Why I Like Conflicted Employees

If you’re conflicted about your career, it often means you’re interested in more than one thing. You’re not one dimensional. And if you’re good, then you excel at many of the things you’re interested in.

If your boss is good, they will recognize this as a strength and let you play it out. It doesn’t mean you get to do whatever you want, but it means you have room to hold down your core responsibilities while experimenting with growing another area.

If your boss is bad and/or your company doesn’t get it, this can make for incredibly unhappy phases of your career because you’ll be closed off from experimenting, which leads to the distraction of looking for other jobs.

I’ve experienced this conflict one way or another my entire career because I like to sell, write, and manage. I started in marketing, moved into sales, then management. I still feel the conflict of being pulled into too many directions, but my management purview is now larger than it would normally be because my interests have led me to understand more, and my team members run day to day on different elements of our purview.

Of course I look for specialists in different areas. For example, in marketing, you need people who truly understand social and digital on an extremely granular level, and in sales you need not just people who can originate and close customers, but to scale you need sales operations functions to keep a sales organization running because too many sales folks aren’t strong on the details, so sales ops is the tail that wags the dog.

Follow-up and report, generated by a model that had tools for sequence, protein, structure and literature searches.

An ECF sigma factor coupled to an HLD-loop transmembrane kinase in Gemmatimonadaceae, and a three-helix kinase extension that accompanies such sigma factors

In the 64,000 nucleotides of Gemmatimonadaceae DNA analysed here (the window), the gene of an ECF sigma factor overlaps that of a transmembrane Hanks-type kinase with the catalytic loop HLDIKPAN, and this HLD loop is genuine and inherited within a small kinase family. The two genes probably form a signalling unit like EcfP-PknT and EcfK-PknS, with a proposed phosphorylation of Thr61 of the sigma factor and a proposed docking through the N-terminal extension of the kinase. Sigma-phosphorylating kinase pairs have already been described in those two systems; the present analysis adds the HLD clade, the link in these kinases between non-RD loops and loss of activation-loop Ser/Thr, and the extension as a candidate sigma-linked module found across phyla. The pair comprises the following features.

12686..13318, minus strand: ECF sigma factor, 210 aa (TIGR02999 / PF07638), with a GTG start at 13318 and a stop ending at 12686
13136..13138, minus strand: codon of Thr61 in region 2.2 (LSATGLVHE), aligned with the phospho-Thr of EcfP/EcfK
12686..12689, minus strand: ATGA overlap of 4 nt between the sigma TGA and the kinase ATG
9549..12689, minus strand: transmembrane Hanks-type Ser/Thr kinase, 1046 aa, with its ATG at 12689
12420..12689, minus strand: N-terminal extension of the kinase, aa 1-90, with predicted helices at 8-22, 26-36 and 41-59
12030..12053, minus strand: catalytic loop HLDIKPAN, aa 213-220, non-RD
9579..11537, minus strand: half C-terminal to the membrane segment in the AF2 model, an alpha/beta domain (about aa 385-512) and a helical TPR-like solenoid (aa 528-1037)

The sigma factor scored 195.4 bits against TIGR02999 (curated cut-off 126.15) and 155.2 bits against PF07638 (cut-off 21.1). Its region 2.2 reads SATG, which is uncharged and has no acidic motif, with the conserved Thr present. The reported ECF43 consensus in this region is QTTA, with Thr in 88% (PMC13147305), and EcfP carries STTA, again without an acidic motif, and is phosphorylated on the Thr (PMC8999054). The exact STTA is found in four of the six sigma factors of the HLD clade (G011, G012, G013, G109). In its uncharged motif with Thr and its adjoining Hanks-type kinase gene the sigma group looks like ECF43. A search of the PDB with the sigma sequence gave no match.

I’ve found key people in these areas by identifying those who are conflicted about exactly what they want to specialize in. Like if you have someone in marketing who’s better/more passionate at dealing with salespeople than they are in creating, deploying, and analyzing content, then they’re probably better in sales or sales operations than they are in marketing. So you let them do both with an emphasis on their end game goal, and in the case of teams I run, giving people this freedom has worked out really well, especially in the past two years.

So if you’re conflicted about what you want to do, you should have an open discussion with your boss about it. Many bosses are only concerned about what needs to get done, and don’t always react well to a multi-dimensional team member, so don’t present your ideas as conflict or exceeding ambition, but instead present them as way to help the team in an additional way with extra work you’re willing to do.

This way you get the additional responsibility and work that’s more interesting to you, and then it’s up to you to prove that you can carve out new space for yourself.

If you’re interested in more than one thing, don’t stifle your conflict, embrace it.

And finally, make sure you recognize the difference between interests and passions. Everything is real work that takes real time, so if you are able to get new responsibilities in an extra area you’re interested in, you’re going to find out real fast if you have the stamina for it. And if you’re not passionate about it, the stamina wanes quickly.

There is no hard and fast rule on this last one. You just have to pursue your interests, get the work, then see if it sticks in your mind and evolves from an interest to a passion.

Eventually one of two things will happen: you’ll keep expanding your purview, or you’ll work for a scale organization that lets you specialize in your core passion at the highest level.